Alumna Briga Heelan holds herself accountable to keeping her acting chops and her physicality in shape when the country bounces back from the pandemic.
“You’re not gonna be able to run as hard or be show-ready at the end of this,” she told SDA students and alumni over Zoom webinar, “but you have to get ready to get ready.”
Heelan wants to be sure that she’s ready to jump into rehearsals as soon as theatres reopen; she will play Cinderella in the upcoming Britney Spears musical Once Upon a One More Time.
On April 30, Heelan and seven other alums gathered online for an SDA panel, titled Staying Creative During a Global Pandemic. This edition of the CareerSeries@SDA program focused on ways to stay positive during quarantine.
Panelists included designer Phil Kong BFA ’08; writer and producer Autumn Chiklis BA ’16; writer Timothy Dowling BA ’96; and actors Heelan BA ’09, Elizabeth Ho BA ’06, McKinley Belcher III MFA ’10, Devin Kelley BFA ’08 and Tomm Polos BFA ’10.
Projects slowed and cancelled
When safer-at-home orders took effect across the country, many of the School’s alums found their current projects abruptly cancelled. Belcher was performing in A Soldier’s Play on Broadway, alongside SDA Board of Councilors member Blair Underwood. Less than a week was left in the run when Broadway was completely shut down.
Similarly, Ho was supposed to be doing a table read around the same time.
“Pilot season is my favorite time of year and the worse time of the year,” she joked. She got a call that production would start in a week, but shortly after, things were put on hold.
Even the creative process changed, Dowling said. Something as simple as the environment in which he writes — such as getting inspiration being surrounded by people at restaurants, “sitting at In-N-Out or a sushi bar … but you can’t do that now.”
“It’s getting used to the new normal and finding that creativity and trying to focus on it after we’re done with this,” he said.
Adapting in the face of change
Sharing their own experiences in the current climate, the panel of alumni had tips for overcoming — or, even, managing — the stress of the pandemic with creative outlets.
Chiklis has been reprioritizing her time, reevaluating her interests and acting upon other endeavors.
“What do I want to do? What are things that I’m interested in? What are creative endeavors that I have put to the side because I didn’t think that they were sellable?” she said, suggesting that students who were feeling stuck ask themselves the same questions.
“… this is a time to create your own new norm,” Kelley said. “Get your brain and your creativity flowing so you’re not just sedentary … So when things do start back up, you’re ready.”
The alumna found herself dusting off old Shakespeare monologues from college as a way to stay creative during this time.
“[The skills] come back really quickly,” she said. “So that’s been really fun, and exercising a new muscle or an old muscle that’s completely atrophied.”
Also as a recommendation for actors, Belcher encouraged they find a means to self tape. “I’m finding that especially now, I’m having to do that,” he said.
In agreement, Ho said: “If you’re an actor, self tape is what’s going to be the future until a vaccine comes out.”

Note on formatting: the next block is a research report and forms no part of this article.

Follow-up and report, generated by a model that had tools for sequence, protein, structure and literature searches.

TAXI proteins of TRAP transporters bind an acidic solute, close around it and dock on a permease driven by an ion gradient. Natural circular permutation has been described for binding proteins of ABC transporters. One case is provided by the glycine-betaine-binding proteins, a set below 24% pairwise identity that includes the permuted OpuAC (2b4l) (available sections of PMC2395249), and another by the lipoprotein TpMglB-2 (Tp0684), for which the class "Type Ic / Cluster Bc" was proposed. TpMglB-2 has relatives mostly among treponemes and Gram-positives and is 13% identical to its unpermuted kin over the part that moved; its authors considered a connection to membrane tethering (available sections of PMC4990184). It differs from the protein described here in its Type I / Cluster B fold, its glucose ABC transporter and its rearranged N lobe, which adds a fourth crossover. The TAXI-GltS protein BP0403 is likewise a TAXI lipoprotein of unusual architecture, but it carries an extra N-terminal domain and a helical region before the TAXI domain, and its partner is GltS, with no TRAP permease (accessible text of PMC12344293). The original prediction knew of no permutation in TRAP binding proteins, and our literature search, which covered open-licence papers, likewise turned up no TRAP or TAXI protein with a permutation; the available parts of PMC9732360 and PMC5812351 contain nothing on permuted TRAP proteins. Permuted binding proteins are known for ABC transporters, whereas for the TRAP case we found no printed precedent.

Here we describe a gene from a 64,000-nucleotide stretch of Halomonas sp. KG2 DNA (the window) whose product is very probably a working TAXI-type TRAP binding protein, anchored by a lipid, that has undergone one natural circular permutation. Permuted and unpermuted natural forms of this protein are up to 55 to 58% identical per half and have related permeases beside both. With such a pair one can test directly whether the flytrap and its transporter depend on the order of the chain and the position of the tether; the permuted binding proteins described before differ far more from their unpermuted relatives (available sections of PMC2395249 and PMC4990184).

The alumna uses technology as simple as a cellphone and tablet to record video. She advised actors to find “characters that really work for you or storytelling that you really resonate with” to practice self taping.
For the students in the audience concerned with losing time in getting a start on their careers, Polos advised them not to be so critical of themselves.
“Don’t go into your sophomore year out of school being like ‘I didn’t do anything that first year.’ I promise you, you did because it’s working towards something,” said the alumnus, who also suggested graduates to not compare their experience to their peers.
Beyond the artistry, the panelists also advocated to take the time for self betterment, which would allow for more focus on the creative side once orders have lifted.
“Essentially, it’s working on yourself and your mental fortitude, which we’re all actually doing by default,” said Heelan, who explained that she found her career stride when she had a sense of ownership over who she was. “Just being in tune with how you’re getting stronger going through this, so — that when you go into those auditions, or are in those meetings and you’re terrified, or you blew it and you got to get back in the saddle — that you have a sense of who you are when you do so.”
“That would also give you a sense of clarity about what it is that you want, which would maybe guide you if you weren’t sure,” Belcher added.
From the business perspective of being an artist, Kong encouraged the audience to spend time to learn financial literacy.
“Specifically for all of us who are artists,” Kong said, “there are some really great resources for learning about personal finance online … the other side of your craft is being able to support yourself and using your money wisely.”
Collectively, the panelists have endured their share of stifled creativity, but they offered a message of hope in the endless possibilities of the art form and the promise of free time. Though they may be missing a live audience or being in a room with other artists, they will be ready when the curtain rises and they challenged the audience to do the same.